Recently, a paradigm shift has occurred in veterinary medicine. In recent years, new research has revealed that most pets don't need annual vaccinations because their immune systems retain the ability to fight infection several years after vaccination. This article discusses new recommendations for your pet and presents mine overall.
New vaccination protocols have been developed by various medical organizations (AVMA, AAHA, Association of Practitioner Cats) and veterinary schools. These protocols were developed in response to the increased incidence of cancer in some cats after multiple injections, most commonly vaccines. You can also get more information about Vaccine Protocols for pets via https://www.canimalhospitalnc.com/.
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The immunization standard is a series of annual "shots" after the first series of puppy and kitten vaccinations. Although vaccine manufacturers recommend annual vaccinations based on vaccine testing to meet labeling requirements, no one knows how long the pet injection lasts. All we know is that vaccination will protect animals for at least 1 year.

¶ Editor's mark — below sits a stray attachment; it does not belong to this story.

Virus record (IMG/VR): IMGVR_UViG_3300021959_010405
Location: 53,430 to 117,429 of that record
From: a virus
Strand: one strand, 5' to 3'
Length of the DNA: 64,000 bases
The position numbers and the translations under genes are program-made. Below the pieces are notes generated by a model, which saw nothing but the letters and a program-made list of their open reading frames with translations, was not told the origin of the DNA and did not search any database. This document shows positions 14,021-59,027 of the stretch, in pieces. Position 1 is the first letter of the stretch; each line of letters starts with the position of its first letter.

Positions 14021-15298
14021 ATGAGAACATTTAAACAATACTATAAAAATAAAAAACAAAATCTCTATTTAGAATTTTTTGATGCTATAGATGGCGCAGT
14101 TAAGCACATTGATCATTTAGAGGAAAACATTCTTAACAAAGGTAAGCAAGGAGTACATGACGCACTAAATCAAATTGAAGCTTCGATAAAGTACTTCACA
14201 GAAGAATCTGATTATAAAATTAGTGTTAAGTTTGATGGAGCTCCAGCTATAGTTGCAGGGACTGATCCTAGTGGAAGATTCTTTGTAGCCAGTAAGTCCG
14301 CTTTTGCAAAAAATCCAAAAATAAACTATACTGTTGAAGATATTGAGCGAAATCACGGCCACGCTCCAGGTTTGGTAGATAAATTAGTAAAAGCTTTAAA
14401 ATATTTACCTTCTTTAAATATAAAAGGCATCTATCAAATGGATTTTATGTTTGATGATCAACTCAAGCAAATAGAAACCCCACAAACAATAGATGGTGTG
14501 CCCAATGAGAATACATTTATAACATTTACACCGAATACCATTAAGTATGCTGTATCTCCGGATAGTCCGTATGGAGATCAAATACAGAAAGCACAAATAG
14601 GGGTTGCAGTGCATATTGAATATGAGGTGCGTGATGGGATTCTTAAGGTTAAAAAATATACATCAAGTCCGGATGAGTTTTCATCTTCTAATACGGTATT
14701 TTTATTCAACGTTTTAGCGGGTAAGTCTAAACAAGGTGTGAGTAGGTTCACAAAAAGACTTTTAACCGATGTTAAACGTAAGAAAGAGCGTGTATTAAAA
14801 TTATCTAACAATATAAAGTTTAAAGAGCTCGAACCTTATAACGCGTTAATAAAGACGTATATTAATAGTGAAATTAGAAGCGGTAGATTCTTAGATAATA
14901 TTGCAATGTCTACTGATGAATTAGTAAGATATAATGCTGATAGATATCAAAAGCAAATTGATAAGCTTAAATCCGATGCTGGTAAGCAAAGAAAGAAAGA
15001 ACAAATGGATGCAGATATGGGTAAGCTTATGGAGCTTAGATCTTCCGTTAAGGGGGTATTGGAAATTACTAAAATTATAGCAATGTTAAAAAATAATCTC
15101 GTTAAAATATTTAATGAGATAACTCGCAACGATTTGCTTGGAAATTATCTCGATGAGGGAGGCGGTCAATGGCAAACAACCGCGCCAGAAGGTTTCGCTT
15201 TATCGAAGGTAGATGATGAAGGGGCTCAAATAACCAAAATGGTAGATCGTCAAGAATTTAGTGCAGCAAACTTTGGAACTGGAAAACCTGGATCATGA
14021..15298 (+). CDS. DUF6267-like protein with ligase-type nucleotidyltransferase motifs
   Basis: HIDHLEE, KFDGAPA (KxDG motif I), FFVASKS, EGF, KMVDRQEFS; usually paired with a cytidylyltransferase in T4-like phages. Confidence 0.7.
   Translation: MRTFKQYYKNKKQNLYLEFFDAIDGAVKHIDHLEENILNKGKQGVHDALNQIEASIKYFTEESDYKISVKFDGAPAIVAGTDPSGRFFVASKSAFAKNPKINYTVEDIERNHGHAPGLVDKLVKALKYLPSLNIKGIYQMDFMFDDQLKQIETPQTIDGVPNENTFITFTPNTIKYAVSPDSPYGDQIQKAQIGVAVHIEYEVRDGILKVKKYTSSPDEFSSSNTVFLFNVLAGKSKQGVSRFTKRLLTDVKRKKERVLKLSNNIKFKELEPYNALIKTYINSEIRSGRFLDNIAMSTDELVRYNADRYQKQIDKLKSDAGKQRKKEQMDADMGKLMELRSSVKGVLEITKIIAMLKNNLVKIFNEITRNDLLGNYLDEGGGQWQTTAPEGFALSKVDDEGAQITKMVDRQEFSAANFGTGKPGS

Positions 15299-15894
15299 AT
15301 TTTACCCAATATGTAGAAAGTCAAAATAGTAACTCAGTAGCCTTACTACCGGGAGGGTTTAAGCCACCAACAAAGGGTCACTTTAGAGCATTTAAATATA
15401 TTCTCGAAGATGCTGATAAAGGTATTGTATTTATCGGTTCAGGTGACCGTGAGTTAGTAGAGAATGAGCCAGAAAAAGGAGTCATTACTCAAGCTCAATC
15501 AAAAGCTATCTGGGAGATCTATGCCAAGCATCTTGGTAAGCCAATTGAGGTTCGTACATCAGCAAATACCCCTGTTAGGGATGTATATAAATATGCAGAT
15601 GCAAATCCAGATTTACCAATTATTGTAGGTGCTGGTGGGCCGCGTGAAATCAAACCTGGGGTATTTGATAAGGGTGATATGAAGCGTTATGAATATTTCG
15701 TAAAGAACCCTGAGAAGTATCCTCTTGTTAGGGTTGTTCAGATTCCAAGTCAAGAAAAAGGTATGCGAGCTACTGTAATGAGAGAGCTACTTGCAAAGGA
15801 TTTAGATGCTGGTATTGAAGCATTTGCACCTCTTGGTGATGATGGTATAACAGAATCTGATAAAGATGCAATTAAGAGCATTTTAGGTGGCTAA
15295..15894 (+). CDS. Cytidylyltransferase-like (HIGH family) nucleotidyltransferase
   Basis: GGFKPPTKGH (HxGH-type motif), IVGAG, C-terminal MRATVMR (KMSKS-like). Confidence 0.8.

After finding an increased incidence of sarcoma tumors in some cats that had received multiple immunizations, the researchers decided to start testing the cats to see how long the vaccine immunity could last. The goal is to try to minimize vaccination so that the chances of the cat developing a sarcoma at the injection site will also be minimized.
This vaccination cycle ensures that your pet only receives each vaccine every 3 years, but receives multiple immunizations at each visit.